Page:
Hold a Yard Sale: If your children are old enough to help coordinate and lead the effort, this is a fantastic way to let them be fundraisers for charity.  Give them the task of advertising (making signs and flyers to put up around town) and they can even recruit other families on the block to participate or collect items to sell.   Together as a family, set up for the sale and price items and at the end of the day celebrate your earnings.  Draft a letter to your charity of choice, have all members of the family sign it and include your donation.  **NOTE: If your children procure donations from others, ensure that they write thank you notes to those who donated. **





pitch in
Neighborhood Clean-up:  We did this on Earth Day but it is always a good day to beautify your neighborhood.  This is as simple as taking a walk around your neighborhood with a bag (and maybe a pair of gloves to protect your hands) to collect litter.  If your neighborhood is not walkable, visit a local park or playground.  And while your at it, talk to your children about the importance of recycling and litter-prevention.





First Lemonade Stand

First Lemonade Stand (Photo credit: InspirationDC)

Organize a Lemonade Stand: This is the ultimate summer volunteer opportunity for kids!  I am fairly certain that at some point in time, every child has set up their very own lemonade stand.   Alex’s Lemonade Stand provides all the resources your kids need to step it up a notch and contribute to a worthy cause, finding a cure for pediatric cancer.  Or, you can select a charity that is close to your heart and spread awareness about it while serving Lemonade to your community.  Most groups will provide some informational material for you to distribute if you call to request it!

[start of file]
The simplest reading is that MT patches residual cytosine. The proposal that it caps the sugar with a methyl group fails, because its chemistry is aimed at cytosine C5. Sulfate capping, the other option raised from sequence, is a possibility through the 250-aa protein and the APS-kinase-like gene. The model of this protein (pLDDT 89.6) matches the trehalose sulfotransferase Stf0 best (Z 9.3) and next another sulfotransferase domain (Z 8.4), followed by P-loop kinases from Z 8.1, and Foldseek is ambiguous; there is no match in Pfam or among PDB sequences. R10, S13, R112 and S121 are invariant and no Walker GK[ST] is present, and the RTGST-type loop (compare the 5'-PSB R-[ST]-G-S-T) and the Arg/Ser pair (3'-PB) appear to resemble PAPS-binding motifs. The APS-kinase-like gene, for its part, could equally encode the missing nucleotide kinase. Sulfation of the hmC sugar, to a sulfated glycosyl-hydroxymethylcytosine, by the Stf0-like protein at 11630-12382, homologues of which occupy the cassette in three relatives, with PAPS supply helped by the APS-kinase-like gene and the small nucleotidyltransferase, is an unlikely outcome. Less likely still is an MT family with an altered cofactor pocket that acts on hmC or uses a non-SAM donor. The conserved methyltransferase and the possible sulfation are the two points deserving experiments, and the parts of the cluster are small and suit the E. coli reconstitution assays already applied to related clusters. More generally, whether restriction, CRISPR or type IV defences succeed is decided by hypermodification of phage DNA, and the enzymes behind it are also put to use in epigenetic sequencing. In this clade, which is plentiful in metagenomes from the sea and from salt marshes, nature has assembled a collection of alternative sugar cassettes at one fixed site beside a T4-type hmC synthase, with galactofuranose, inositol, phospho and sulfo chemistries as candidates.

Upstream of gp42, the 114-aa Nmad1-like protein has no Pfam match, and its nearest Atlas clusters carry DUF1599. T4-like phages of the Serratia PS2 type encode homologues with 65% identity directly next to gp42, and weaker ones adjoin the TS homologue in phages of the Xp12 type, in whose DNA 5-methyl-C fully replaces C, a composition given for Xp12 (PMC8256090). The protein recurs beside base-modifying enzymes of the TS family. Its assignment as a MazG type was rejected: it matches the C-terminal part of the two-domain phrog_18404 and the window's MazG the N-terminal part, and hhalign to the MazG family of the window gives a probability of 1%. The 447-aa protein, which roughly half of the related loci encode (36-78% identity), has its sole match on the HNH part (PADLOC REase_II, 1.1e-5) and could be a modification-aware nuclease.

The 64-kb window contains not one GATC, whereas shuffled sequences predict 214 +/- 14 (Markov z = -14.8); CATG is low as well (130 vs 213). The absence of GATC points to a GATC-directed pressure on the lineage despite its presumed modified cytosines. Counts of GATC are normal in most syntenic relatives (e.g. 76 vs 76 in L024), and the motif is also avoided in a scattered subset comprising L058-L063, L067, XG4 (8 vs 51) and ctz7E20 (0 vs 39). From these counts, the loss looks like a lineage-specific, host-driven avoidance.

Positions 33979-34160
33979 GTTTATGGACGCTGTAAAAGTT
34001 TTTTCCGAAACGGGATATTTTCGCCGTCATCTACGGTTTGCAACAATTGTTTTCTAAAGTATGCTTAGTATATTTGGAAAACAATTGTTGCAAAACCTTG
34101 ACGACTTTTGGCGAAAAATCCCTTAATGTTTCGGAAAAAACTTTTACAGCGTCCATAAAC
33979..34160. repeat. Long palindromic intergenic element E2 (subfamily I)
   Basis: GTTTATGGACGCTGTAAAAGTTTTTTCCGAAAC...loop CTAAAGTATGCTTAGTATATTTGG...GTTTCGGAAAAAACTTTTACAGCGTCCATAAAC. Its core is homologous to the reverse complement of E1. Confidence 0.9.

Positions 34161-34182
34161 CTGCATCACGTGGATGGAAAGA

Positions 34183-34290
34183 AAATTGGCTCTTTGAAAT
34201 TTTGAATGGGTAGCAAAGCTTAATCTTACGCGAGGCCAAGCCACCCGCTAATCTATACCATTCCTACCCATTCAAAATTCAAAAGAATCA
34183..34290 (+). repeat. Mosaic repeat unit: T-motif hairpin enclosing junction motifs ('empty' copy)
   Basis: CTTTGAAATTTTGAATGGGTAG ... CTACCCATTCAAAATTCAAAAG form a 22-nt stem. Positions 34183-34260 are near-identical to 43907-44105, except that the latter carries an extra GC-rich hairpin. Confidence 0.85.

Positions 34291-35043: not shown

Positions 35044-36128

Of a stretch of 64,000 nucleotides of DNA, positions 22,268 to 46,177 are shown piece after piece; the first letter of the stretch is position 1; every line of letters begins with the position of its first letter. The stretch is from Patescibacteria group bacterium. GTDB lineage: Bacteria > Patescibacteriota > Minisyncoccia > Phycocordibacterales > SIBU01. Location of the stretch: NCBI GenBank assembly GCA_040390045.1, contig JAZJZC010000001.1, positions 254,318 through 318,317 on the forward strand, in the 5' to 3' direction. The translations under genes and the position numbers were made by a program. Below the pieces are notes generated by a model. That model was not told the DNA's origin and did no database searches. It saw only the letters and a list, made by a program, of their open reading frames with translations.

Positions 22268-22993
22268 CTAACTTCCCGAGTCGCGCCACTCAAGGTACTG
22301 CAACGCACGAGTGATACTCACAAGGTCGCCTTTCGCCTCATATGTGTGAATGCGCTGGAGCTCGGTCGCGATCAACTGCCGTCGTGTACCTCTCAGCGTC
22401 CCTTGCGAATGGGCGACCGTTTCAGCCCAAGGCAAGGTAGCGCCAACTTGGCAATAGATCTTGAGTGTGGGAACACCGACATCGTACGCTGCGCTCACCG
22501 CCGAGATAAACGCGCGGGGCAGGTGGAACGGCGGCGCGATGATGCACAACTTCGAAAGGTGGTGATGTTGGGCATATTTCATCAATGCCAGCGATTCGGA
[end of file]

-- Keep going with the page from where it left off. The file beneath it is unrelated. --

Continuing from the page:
Make it a Charitable Birthday PartyInstead of collecting a mountain of presents on his/her birthday, your child can ask friends to bring a book to donate to a local library or literacy program.  Or, perhaps he/she can pick a charity and ask friends to make a donation in lieu of a gift.  Another way to make it a charitable birthday is to make a donation to charity in lieu of handing out favors.  This is a chance for you and your child to be really creative and celebrate with a big heart!


SONY DSCHold a Bake Sale: My kids love to bake and would happily spend all day in the kitchen if I obliged them.  If your kids are little Pastry Chefs in-the-making, spend a day in the kitchen with them baking up a storm and then set up a bake sale for your favorite charity.  If you are looking for something more organized, check out Cookies For Cancer.  You can register your event on their site, get tips on organizing a bake sale, download their logo for posters and/or purchase a Bake Sale Kit for your event.



11Jan21_crayons_29-300x268Donate Extra Craft Supplies:   I don’t know about you, but I always buy too much when it comes to art supplies.  When we finish a project, I look around at all the unopened supplies, slap my palm to my forehead and say, “Doh!”   There are plenty of arts organizations that offer art therapy or art enrichment programs that are always looking for donations of art supplies.  Typically, they want unopened supplies, but you can often find a classroom teacher who will take previously opened supplies that are in good shape.   Here are some organizations to get you started: ArtBridge Houston; Children’s Healing Art Project; Fresh Artists